On the night of June 12 to 13, 1760, during movement near Prausnitz, some Prussian troops lost their way. Colonel von Billerbeck tried to rescue two guns which were stuck in the mud. However, his detachment was surprised by superior enemy forces. Billerbeck, 4 officers and 125 men were taken prisoner of war. In July, the battalion took part in unsuccessful siege of Dresden.
On August 15, it took part in the Battle of Liegnitz where it was deployed in Stutterheim's Brigade in the first line of the right wing.
On September 17, the battalion was at the Combat of Hochgiersdorf where it formed part of the rearguard under Zieten.
On November 3, the battalion fought in the bloody Battle of Torgau where it was deployed in Frederick's first column. The battalion suffered so heavily in this battle that it was temporarily converged with the Grenadier Battalion 33/42. Captain von Bonin, the interim commander of the battalion (Colonel Billerbeck being in captivity) was killed.
On December 11, the battalion took up its winter-quarters at Chemnitz with 1 captain and 250 grenadiers detached to an outpost at Zschopau.
In April 1761, the battalion took part in the raid of General von Linden against the Reichsarmee at Plauen. Afterwards, it returned to Chemnitz where it remained until the end of April. They later went to Meissen. The two opposing armies remained in the area of Meissen until November.
In September, the battalion took part in an attack against the Reichsarmee with some troops of Lieutenant-General von Seydlitz.
At the end of December, the battalion took up its winter-quarters between Hof and Oschatz.
On May 12 1762, the battalion took part in the Combat of Doebeln, a surprise attack on Austrian outposts, where it was deployed in the centre right column under Lieutenant-General Hans Wilhelm von Kanitz which stormed the enemy entrenchments between Roswein and Leising. In this combat, the Prussians captured Major-General Baron Zedtwitz, 40 officers and 1,500 men.
On August 2, the battalion took part in the unsuccessful surprise against Töplitz (present-day Teplice/CZ) under the command of Seydlitz and of Colonel von Kleist.
On October 22, the enemies attacked once more General Kleist’s detachment near Groß-Schirma and the battalion, along with another grenadier battalion and 5 squadrons, drove them back.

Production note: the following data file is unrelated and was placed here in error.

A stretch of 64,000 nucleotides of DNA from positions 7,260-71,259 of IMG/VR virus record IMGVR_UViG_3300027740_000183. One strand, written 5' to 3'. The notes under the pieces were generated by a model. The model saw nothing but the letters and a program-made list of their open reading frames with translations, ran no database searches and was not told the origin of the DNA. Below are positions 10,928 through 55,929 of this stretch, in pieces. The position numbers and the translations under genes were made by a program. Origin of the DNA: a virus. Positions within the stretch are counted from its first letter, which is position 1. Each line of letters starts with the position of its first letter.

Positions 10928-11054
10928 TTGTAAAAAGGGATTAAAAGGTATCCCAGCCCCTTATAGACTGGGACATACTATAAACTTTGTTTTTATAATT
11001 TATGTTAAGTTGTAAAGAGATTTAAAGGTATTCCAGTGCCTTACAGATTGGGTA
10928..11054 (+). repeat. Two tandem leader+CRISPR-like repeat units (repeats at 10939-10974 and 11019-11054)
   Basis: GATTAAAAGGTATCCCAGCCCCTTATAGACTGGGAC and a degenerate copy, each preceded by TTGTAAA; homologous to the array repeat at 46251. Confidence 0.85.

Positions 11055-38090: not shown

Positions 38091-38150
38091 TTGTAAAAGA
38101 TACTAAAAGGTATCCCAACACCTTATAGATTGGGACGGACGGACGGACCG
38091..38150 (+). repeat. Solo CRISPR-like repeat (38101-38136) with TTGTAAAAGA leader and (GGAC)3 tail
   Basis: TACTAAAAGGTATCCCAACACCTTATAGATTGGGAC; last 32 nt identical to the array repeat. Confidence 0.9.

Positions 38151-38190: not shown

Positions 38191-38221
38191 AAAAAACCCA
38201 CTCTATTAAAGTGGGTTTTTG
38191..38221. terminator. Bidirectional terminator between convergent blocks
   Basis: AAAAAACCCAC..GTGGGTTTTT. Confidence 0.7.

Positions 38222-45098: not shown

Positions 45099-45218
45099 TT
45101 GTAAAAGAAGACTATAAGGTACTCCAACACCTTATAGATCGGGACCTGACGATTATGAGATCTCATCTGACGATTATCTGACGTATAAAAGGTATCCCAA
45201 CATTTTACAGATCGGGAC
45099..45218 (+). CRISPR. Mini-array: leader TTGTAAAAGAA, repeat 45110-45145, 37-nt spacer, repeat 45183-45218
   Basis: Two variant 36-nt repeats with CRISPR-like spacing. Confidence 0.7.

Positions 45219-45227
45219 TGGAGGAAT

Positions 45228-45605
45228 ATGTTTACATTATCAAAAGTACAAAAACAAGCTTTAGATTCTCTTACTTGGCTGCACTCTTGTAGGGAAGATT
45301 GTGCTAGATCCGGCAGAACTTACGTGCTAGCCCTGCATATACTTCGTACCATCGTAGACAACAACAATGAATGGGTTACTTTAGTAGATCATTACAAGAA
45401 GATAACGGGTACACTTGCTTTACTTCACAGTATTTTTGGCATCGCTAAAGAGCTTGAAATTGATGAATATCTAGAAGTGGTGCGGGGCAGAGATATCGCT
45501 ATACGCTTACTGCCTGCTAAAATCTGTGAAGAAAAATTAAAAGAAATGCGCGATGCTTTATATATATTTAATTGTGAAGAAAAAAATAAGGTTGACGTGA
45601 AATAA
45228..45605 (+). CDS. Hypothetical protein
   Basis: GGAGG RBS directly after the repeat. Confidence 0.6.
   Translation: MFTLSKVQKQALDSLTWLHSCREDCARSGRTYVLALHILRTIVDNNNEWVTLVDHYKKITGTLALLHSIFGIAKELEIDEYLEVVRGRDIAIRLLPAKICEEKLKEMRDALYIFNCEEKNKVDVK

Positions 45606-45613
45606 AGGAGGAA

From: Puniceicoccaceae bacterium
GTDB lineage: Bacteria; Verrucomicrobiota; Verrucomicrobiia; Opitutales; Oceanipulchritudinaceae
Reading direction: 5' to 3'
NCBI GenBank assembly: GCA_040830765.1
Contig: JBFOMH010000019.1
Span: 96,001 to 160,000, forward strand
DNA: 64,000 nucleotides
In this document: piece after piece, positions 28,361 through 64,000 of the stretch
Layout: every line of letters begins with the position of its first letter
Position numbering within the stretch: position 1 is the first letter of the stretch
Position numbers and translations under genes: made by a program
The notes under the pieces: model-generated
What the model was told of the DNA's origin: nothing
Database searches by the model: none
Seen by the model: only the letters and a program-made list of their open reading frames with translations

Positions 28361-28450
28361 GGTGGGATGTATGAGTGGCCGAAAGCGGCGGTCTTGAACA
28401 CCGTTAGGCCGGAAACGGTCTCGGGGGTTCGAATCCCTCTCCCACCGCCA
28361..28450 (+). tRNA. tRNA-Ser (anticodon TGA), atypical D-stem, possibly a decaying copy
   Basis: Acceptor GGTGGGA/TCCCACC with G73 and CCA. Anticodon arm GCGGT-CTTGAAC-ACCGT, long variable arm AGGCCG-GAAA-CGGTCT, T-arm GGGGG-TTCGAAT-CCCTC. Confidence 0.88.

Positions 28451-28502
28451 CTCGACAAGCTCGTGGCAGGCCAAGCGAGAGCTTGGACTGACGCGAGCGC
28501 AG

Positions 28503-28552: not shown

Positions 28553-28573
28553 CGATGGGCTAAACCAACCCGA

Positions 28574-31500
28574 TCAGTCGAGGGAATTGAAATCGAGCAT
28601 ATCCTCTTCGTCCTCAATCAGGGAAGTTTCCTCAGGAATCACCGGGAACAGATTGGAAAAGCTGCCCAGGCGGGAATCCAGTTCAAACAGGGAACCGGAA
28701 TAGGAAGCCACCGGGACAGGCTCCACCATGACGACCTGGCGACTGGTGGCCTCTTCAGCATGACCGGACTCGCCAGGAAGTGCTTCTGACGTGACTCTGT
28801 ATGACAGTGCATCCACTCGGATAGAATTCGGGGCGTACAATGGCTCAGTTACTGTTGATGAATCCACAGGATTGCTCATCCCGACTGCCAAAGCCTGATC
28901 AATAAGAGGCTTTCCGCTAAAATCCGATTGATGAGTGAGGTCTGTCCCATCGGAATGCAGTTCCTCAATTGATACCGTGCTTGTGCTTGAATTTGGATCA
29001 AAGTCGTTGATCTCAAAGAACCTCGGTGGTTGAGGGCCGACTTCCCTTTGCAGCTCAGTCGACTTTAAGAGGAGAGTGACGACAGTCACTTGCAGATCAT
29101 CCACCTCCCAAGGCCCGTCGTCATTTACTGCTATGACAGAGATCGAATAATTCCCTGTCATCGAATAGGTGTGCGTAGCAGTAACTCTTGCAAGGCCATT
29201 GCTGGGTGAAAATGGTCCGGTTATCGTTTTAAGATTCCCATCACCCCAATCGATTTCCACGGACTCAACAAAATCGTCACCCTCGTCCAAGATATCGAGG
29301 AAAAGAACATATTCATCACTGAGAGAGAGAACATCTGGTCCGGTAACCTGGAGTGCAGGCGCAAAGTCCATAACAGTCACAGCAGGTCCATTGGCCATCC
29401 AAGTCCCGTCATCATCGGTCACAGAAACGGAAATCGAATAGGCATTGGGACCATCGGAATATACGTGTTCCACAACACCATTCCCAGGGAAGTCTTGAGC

On October 29, the battalion fought in the Battle of Freiberg where it formed part of the vanguard under General von Kleist. After this battle, it took up its winter-quarters around Freiberg.
After the signature of the Treaty of Hubertusburg, the converged grenadier battalion was disbanded and, on March 16, the two grenadier companies of the present regiment rejoined their parent unit at Stettin.
N.B.: For NCOs of the grenadier companies, the long pike (4,10 m long) was introduced in 1756 just before the war. This long pike was not very popular and was often shortened. At the beginning of the Seven Years' War and throughout the conflict, NCOs carried a mixture of M1713 (2,37 m long), M1755 (3 m long) and M1756 (4,10 m long) pikes.
|von Amstell: mitre with polished brass front plate, red headband laced red/white, blue back with red piping laced white, straw/white/red pompom||Duke von Württemberg: mitre with polished brass front plate; black plush headband edged with a red braid decorated with 2 straw lateral stripes and a black central stripe and brass ornaments; straw backing piped with a similar braid; red within yellow within red pompom|
The converged grenadier battalions did not carry any colour.
Boltze, Eberhard: Die Infanterie Friedrichs des Großen nach dem Stande von 1785 nebst Rückblick bis 1740, Dresden, November 1927, pp. 31, Annex III and IV
Grosser Generalstab Kriegsgeschichtliche Abteilung II: Die Kriege Friedrichs des Grossen, Part 3 Der siebenjährige Krieg 1756-1763, Vol. 1 Pirna und Lobositz, Berlin, 1901, App. 2
Mach, A. v.: Geschichte des Königlich-Preußischen Zweiten Infanterie-genannt Königs- Regiments 1677 – 1840, Berlin, Posen and Bromberg, 1843
Schirmer, Friedrich: Die Heere der kriegführenden Staaten 1756 - 1763. Edited and published by KLIO-Landesgruppe Baden-Württemberg e.V., Magstadt: 1989, pp. 30-32
N.B.: the section Service during the War is partly derived from our articles depicting the various campaigns, battles and sieges.
Harald Skala for the translation and integration of Mach’s book on history of this regiment